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Signed and dated 1623

RCIN 400156

This painting seems to have been something of a face-saver. In 1621 Rubens supplied Lord Danvers with a Lion Hunt (now lost), a studio work, not knowing that it was intended for Charles, Prince of Wales. Danvers had it sent back as ‘a peese scarse touched by his own hand’. Rubens seems to have planned with Lord Danvers to make a peace offering to the Prince the moment he realised his mistake. Later Rubens claimed that he was concerned at the arrogance of sending a self portrait under these circumstances: ‘it did not seem fitting to send my portrait to a prince of such high rank, but he overcame my modesty’ (Rubens, letter of 10 January 1625; to Palamède de Fabri, Sieur de Valavez; 1582-1645). The most important thing, however, was that the work should be executed by Rubens and not his assistants: Lord Danvers wrote to William Trumbull in Brussels, asking ‘for his owne picture made originall and every part of it wrought with his owne hand’ (letter of 18 December 1622). Danvers adds in the same letter that this is a self portrait ‘which I heare hee hath made alreadie’; it is difficult to know if this means that Rubens redirected an existing (obviously recent) self portrait, or whether enough progress had been made on the portrait which Danvers himself instigated (through some previous, now lost, instruction) for word to get out that it was ‘made alreadie’. Whatever the explanation, the portrait is signed and dated 1623 and seems to have arrived in London in that year.

This is an interesting piece of self-promotion; it does not advertise Rubens’s invention, figure drawing or story-telling, important elements of his art. Instead we see purely pictorial qualities at their most intense: contrast of light and dark, with shades of deep black and a softly luminous face; strong accents of colour on the face and sky (again contrasting with the areas of black); variations of paint application from thinly scrubbed areas in the background, where brown underpaint shows through, to the thick, mobile rivers of oil paint, drawn by the brush, over the face. Rubens’s ‘owne hand’ is obviously and everywhere at work.

Rubens is portrayed as a courtier and diplomat, wearing sombre – but fashionable and expensive – black clothing. He carries no obvious attributes alluding to his profession, although he does wear a gold chain, which since the mid- sixteenth century had come to symbolise an artist’s success and wealth. However, unlike the gold chain prominently worn by Titian in both his surviving self-portraits, here only a small glimmer of gold can be seen beneath the sitter’s black cloak. Rubens received a number of gold chains during his career, including in 1609 one from the Archdukes Albert and Isabella of Austria and in 1623 from Christian iV of Denmark. The black hat worn at an acute angle, while fashionable, also served to conceal the artist’s hairline, which, as his self- portrait in the Galleria degli Uffizi of c.1615 demonstrates, had begun to recede.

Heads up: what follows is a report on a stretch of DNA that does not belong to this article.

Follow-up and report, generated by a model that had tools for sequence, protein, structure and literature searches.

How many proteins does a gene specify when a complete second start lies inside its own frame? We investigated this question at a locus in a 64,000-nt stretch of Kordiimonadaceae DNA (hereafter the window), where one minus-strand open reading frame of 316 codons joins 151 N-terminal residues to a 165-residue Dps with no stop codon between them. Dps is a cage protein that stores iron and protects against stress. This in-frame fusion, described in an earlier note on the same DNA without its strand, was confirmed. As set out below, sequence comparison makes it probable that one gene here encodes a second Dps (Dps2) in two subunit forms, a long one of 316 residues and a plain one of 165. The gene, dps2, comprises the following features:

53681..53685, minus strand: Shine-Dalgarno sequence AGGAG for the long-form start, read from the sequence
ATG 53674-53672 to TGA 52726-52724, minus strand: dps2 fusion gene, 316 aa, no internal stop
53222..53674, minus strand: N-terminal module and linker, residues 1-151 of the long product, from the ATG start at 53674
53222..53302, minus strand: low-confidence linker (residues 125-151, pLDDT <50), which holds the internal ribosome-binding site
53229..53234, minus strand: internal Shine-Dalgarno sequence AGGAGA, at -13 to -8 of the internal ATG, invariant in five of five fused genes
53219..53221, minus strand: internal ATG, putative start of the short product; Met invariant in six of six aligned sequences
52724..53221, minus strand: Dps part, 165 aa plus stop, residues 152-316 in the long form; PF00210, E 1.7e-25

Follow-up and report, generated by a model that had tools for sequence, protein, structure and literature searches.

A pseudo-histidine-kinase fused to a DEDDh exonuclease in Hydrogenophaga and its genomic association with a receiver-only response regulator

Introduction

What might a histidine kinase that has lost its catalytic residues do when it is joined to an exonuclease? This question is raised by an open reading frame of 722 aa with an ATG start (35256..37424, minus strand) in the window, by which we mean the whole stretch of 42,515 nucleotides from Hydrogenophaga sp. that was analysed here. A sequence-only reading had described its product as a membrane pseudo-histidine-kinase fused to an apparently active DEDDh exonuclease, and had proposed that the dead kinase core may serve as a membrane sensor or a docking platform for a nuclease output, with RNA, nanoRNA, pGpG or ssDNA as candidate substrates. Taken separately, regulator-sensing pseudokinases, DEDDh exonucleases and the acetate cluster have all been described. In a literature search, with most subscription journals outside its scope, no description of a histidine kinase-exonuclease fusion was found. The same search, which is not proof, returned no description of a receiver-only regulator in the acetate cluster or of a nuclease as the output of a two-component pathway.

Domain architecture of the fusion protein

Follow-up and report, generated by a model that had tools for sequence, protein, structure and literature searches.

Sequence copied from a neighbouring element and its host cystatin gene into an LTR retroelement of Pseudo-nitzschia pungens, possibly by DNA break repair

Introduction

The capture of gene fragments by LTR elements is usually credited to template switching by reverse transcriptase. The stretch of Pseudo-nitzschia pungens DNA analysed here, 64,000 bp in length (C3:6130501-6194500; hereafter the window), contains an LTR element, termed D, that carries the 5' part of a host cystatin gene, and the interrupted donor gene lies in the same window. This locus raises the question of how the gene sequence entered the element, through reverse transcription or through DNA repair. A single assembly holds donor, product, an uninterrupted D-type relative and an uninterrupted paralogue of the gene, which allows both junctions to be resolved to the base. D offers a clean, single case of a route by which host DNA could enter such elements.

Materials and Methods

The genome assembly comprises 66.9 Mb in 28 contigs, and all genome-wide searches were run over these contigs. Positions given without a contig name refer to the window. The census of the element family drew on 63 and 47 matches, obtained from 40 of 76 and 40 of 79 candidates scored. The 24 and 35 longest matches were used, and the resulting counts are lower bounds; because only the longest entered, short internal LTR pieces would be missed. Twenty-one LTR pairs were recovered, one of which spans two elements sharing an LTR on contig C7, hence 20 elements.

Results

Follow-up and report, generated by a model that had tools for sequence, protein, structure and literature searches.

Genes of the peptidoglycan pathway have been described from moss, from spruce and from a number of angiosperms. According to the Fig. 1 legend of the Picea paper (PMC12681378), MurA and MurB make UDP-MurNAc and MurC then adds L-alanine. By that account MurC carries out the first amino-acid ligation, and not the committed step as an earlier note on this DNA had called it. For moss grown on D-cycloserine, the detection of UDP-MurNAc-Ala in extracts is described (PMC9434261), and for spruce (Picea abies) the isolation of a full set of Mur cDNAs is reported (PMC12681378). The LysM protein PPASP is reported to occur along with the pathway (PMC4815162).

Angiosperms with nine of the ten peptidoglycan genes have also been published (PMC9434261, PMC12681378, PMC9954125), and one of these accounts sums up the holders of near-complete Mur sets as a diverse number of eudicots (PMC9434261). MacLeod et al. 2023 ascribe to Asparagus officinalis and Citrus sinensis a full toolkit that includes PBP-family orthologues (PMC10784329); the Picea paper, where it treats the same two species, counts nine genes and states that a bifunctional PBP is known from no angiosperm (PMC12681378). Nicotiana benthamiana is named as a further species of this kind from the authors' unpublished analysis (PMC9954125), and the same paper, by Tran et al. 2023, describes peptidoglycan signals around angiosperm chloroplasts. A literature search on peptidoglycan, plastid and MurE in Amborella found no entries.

The objects in the background of this portrait could be described as ‘a rock and a reddening sky’, which, in Latin, would read, Petrus et caelum rubens. It has been suggested that the artist included them as a play on his own name (reinforcing the Latin signature), or indeed that the whole portrait depicts a shame-faced, blushing or rubens Rubens.

By 1639, the picture was hanging in the ‘Litle roome Betwene Withdrawing roome: als called the Breakfast Chamber and the longe gallorie’ alongside self-portraits by Van Dyck and Daniel Mytens. This room was next to the King’s Bedchamber and would likely have been seen by the king on a daily basis.

Signed, dated and inscribed along top right margin:Petrus Paullus Rubens / se ipsum expressit / A.D MDCXXIII / Aetatis Suae XXXXV

Text adapted from Bruegel to Rubens: Masters of Flemish Painting, London, 2007, and Portrait of the Artist, London, 2016

  • Bibliographic reference(s)

    Rubens: Portraits Princiers
    Cat. 49

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